Hawaiian Voyaging and Wayfinding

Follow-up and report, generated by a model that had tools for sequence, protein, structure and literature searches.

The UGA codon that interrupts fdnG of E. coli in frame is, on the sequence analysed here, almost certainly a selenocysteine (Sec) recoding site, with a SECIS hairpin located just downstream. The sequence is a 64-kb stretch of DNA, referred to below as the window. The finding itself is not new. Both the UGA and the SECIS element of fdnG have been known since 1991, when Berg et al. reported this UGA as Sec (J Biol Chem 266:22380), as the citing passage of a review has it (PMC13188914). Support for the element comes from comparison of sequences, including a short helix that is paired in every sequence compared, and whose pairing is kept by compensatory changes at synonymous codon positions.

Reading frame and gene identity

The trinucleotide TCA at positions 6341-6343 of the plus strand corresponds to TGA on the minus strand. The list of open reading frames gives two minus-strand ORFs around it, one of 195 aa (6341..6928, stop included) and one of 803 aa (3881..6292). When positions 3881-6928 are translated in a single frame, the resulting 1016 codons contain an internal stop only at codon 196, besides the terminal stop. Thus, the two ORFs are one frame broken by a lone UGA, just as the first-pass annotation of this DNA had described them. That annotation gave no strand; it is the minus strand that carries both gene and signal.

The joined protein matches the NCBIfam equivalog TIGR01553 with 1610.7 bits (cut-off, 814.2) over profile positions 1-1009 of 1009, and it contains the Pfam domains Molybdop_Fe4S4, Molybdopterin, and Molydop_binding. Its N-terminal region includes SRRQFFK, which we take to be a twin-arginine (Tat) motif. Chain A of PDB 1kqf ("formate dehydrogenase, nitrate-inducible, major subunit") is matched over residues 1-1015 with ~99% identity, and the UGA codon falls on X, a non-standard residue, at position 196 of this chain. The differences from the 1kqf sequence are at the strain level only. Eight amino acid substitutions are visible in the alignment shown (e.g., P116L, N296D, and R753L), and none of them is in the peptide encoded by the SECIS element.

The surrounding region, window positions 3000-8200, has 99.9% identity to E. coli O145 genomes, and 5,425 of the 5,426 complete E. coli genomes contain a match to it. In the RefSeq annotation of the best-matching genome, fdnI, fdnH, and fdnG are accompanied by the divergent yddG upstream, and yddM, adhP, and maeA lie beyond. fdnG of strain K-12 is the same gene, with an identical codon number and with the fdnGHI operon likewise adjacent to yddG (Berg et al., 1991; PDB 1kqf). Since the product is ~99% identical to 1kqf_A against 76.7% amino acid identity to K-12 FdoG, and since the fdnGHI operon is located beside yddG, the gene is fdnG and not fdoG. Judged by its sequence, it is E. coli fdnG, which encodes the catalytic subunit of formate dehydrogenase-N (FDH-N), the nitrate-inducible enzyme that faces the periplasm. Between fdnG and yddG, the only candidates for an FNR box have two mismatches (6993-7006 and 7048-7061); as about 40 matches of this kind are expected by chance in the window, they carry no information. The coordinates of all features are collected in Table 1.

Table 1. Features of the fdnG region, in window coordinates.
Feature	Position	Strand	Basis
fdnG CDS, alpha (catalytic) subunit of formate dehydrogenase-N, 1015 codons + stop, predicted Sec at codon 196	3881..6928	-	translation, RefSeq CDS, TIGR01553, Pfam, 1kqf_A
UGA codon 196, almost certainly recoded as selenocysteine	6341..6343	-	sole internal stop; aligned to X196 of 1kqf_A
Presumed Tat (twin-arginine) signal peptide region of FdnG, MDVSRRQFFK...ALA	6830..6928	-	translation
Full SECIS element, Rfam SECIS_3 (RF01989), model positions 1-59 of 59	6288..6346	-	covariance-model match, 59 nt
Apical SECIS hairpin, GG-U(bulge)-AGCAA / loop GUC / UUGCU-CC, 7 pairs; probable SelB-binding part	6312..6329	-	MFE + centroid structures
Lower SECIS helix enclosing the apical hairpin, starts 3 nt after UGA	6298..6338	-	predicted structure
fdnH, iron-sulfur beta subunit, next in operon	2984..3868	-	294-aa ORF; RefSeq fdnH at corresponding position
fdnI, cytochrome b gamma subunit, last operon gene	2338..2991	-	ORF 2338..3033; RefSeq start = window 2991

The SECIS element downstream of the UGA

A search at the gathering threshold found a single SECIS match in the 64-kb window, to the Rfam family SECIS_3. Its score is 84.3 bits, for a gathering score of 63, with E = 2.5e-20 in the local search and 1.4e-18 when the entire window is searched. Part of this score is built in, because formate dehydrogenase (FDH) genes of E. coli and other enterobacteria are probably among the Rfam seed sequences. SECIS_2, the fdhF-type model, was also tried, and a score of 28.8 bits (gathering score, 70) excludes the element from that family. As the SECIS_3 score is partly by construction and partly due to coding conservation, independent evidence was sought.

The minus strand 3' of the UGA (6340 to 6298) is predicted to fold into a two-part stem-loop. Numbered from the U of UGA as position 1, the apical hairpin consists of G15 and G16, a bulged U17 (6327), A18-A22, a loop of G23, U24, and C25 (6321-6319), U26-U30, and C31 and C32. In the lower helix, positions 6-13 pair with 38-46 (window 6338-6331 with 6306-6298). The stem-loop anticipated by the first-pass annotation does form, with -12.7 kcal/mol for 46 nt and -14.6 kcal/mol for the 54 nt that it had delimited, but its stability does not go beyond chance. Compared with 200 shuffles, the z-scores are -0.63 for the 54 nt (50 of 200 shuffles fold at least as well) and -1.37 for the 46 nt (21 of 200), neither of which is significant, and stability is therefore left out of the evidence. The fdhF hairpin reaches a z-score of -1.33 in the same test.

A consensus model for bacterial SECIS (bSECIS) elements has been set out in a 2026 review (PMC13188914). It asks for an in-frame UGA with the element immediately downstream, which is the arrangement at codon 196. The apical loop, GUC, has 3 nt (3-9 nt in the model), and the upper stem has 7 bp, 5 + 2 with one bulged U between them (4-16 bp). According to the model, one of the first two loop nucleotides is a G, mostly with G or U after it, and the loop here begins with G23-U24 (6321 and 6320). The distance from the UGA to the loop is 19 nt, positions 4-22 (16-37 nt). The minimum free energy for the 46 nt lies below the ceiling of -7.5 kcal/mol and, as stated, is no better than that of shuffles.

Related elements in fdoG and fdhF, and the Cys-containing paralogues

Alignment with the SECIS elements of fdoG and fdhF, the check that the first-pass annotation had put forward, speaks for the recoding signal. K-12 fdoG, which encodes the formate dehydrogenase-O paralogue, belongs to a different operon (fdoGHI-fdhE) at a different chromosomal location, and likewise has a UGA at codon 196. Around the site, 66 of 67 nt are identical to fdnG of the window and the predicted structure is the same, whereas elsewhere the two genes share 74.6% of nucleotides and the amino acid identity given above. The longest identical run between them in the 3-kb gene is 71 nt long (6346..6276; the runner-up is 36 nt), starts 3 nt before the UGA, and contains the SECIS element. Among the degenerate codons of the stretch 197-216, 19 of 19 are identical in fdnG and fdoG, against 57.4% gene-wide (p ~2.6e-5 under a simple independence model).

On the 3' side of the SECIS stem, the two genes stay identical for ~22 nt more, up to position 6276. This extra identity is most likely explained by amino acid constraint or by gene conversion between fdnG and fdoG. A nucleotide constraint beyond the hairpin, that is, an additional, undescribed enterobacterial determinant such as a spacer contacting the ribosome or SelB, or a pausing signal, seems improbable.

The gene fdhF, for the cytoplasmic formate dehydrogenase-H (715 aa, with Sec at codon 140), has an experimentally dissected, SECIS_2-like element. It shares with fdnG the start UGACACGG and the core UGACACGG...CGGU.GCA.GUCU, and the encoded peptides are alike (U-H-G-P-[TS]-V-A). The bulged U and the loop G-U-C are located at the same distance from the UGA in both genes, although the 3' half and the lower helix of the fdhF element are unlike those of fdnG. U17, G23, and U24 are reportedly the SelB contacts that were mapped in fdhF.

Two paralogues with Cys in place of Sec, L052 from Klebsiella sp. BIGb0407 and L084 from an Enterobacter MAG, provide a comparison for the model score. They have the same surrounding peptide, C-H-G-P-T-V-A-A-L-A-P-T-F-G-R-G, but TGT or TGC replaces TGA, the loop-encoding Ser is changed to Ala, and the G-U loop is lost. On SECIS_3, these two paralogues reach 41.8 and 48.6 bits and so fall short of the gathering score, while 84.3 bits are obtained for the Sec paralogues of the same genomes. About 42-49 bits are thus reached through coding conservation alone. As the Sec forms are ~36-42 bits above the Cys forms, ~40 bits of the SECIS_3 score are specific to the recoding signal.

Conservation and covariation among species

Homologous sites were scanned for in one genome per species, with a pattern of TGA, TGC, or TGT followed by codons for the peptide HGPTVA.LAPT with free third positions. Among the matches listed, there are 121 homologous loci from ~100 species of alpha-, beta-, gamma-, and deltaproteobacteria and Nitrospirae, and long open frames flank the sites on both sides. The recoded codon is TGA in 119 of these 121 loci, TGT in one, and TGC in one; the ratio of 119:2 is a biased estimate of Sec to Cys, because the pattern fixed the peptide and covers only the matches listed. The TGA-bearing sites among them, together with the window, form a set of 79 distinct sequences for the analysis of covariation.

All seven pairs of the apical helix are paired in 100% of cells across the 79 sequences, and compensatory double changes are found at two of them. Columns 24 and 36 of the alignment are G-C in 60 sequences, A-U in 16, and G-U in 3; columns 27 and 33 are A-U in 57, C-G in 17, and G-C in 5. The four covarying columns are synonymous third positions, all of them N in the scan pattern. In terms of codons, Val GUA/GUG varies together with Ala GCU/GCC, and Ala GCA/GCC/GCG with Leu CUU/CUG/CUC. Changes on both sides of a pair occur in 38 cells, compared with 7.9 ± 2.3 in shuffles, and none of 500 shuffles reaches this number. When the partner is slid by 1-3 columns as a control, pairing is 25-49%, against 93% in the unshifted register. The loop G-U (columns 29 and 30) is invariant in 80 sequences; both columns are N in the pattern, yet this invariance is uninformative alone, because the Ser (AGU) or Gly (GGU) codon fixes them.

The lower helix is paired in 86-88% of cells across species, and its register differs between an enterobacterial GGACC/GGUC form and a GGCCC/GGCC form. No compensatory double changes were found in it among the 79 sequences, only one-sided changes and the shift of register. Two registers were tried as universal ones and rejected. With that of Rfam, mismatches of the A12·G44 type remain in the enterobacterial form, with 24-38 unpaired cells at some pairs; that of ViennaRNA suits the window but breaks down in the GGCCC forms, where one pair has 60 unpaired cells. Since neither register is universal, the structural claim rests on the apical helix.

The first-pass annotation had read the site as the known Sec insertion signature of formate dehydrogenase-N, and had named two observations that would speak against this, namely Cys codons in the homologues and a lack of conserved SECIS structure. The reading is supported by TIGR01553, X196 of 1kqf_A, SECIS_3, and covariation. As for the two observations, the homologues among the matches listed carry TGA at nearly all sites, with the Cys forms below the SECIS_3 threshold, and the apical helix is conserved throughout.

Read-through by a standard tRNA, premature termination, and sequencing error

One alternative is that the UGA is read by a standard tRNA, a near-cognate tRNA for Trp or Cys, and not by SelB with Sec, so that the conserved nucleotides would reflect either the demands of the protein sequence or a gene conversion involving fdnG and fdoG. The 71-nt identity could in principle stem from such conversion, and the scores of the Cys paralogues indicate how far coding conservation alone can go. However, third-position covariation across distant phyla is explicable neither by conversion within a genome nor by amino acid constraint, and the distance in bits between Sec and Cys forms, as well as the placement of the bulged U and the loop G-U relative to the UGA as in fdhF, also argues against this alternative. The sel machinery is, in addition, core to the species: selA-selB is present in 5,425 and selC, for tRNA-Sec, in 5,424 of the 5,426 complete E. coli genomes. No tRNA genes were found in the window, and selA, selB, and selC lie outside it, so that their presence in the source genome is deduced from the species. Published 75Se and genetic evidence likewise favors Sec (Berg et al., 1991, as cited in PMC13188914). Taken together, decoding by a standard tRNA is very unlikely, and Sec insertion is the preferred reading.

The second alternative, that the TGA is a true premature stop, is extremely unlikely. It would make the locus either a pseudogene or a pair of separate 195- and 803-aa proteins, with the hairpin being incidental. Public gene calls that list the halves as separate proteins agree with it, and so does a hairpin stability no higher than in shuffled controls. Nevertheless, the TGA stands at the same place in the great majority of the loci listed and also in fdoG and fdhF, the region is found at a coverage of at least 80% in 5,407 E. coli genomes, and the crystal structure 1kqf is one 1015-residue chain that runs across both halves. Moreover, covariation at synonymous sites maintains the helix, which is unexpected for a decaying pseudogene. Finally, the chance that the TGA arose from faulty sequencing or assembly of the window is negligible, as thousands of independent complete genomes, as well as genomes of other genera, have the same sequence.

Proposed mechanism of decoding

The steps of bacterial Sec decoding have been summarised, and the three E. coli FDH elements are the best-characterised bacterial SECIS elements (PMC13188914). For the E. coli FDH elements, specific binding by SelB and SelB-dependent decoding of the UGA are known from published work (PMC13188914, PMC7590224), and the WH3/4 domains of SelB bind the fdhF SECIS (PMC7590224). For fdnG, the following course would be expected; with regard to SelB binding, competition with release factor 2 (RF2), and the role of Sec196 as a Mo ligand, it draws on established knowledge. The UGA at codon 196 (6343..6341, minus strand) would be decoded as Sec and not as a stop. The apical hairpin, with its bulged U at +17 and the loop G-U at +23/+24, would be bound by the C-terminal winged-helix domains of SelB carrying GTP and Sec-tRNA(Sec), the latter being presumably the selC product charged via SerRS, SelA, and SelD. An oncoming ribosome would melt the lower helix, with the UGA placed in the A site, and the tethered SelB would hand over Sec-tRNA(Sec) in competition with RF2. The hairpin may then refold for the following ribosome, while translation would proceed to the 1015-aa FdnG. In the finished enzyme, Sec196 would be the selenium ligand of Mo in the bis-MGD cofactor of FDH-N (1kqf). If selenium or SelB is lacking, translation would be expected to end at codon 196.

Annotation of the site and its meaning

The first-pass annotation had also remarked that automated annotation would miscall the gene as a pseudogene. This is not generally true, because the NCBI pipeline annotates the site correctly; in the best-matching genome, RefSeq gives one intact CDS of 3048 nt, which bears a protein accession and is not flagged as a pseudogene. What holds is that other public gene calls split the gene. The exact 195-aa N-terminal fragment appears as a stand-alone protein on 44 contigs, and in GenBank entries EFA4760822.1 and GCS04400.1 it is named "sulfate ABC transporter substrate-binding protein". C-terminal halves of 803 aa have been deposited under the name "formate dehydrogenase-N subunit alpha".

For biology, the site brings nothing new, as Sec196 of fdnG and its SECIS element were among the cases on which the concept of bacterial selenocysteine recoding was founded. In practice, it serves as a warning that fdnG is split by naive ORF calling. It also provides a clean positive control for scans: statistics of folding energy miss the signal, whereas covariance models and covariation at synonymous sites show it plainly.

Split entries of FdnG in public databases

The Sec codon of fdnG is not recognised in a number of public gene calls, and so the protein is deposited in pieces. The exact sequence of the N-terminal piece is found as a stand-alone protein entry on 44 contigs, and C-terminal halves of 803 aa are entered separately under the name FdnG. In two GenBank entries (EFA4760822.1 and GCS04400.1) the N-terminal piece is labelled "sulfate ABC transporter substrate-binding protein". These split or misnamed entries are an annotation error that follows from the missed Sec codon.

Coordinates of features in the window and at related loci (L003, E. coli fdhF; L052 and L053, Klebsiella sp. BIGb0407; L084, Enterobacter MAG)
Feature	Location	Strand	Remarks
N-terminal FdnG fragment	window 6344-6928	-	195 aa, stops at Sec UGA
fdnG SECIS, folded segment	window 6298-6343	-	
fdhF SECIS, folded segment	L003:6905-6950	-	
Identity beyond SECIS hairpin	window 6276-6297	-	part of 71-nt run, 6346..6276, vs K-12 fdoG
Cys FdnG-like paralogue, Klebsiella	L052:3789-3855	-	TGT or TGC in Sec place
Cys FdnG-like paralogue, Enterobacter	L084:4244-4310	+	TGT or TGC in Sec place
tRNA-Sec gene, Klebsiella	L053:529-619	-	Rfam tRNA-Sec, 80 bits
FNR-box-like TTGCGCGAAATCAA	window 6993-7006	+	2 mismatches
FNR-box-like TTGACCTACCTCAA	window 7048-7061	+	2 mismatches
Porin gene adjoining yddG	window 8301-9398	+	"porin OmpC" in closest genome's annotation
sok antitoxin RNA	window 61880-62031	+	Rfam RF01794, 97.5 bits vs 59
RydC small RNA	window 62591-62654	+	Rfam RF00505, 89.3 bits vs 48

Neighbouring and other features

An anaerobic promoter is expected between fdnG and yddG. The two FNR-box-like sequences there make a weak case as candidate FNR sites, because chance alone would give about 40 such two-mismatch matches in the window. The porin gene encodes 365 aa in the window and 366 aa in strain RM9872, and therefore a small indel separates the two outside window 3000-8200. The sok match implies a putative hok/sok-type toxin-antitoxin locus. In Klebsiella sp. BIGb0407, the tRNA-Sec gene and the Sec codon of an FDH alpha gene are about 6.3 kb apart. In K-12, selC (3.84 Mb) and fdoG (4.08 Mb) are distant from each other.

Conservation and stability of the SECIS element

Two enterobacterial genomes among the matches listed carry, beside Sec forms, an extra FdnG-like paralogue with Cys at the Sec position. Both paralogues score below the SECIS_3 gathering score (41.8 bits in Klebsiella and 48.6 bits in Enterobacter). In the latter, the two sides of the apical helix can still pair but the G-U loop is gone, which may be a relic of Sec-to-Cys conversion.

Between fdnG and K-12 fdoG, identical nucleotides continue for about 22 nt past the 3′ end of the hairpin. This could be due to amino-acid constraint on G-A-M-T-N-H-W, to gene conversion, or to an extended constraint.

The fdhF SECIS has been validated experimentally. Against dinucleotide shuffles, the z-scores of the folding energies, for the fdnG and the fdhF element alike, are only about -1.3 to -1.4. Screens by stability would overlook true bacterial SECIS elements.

Remote and low-lying Nihoa and Mokumanamana help wayfinders simulate trans-Pacific voyaging - while within safe reach of portToday, Papahānaumokuākea’s cultural landscape, dominated by the ocean, plays a critical role in two major living traditions of Native Hawaiians: Hawaiian voyaging and wayfinding. The voyaging route between Kaua‘i (in the main Hawaiian Islands) and Nihoa and Mokumanamana is used today as the best training ground for apprentices of Hawaiian wayfinding, non-instrument navigation, before undertaking a long, open ocean voyage beyond the archipelago. At Papahānaumokuākea, an array of attributes unique in the archipelago makes the area “the ideal training platform” for novice Hawaiian wayfinders (Nainoa Thompson 4 October 2008, personal communication). Apprentice navigators are challenged to sail to Nihoa from Lehua, a small, crescent shaped island near Kaua‘i and Ni‘ihau. Oral histories document that this navigational test was used in generations past; it is an ideal route for a novice navigator to prove new skills in reading the celestial and ocean environment (Maly 2003). The navigator must find an island that cannot be seen on the horizon, but is still within a relatively short sail from the safety and provisions of a larger island. Oral tradition tells that in fair weather, canoes would sail first from Kaua‘i to Lehua, which is known as a navigational “pointer” to Nihoa. On Nihoa, there is no artificial lighting to aid the apprentice navigator, and the island’s small physical size (0.68 square kilometers) and low-lying nature (the highest point measures 275 meters) require astute observations of the sun, stars, swells, seabirds and the Hawaiian wayfinder’s other signposts of navigation. Today, novice Hawaiian wayfinders are considered qualified to attempt to navigate a canoe on long-distance, trans-Pacific sails after they have successfully guided a voyage from Kauai to Nihoa. Once the voyages to Nihoa, and then Mokumanamana, have been made, the islands themselves contain archaeological sites that continue to be used to educate apprentice navigators and allow for direct communication with the elements and the gods who are personified in those elements (Pualani Kanahele 2 July 2008, personal communication). Even apart from apprentice sails, Papahānaumokuākea is a major destination for traditional voyaging. Traditional double-hulled Hawaiian voyaging canoes have traveled throughout Papahānaumokuākea in recent years. In 2004, Hōkūle‘a sailed from the main Hawaiian Islands to Kure Atoll, the farthest edge of the former Hawaiian Kingdom, and back. Moreover, the ‘Ohana Wa‘a (family of canoes) serve as the traditional vehicles that deliver cultural practitioners to Nihoa and Mokumanamana for religious ceremonies. In two separate voyages in 2003 and 2005, Hōkūle‘a and Hōkūalaka‘i brought the cultural group Nā Kupu‘eu Paemoku to Nihoa and Mokumanamana for ceremonial purposes. Oral traditions reveal this seascape’s place in Hawai‘i’s legendary voyaging traditions. Küpuna (elders) from Ni‘ihau and Kaua‘i Islands (which are closest to Papahānaumokuākea and the people of which have traditionally had the most access to and relationship with the islands to the northwest) have shared knowledge passed down through generations about a voyaging “route” to Tahiti (Maly 2003). Although trans-Pacific voyaging is thought to have ceased in the 15th century (Kirch and Kahn 2007), some Ni‘ihau traditions state that Nihoa and/or Mokumanamana served as an embarkation and debarkation point for these voyages (Maly 2003). Traditions from Hawai‘i Island support this, suggesting that in recent centuries, Ni‘ihau and Kaua‘i were particularly known for deep-sea voyaging wisdom (ibid.). The late kūpuna Eddie Ka‘anā‘anā spoke of Native Hawaiians voyaging from Hawai‘i Island to join family members in Ni‘ihau to sail from there to Papahānaumokuākea. His family told him that they did this to fish and to holo moana—to train to gain navigational knowledge (ibid.).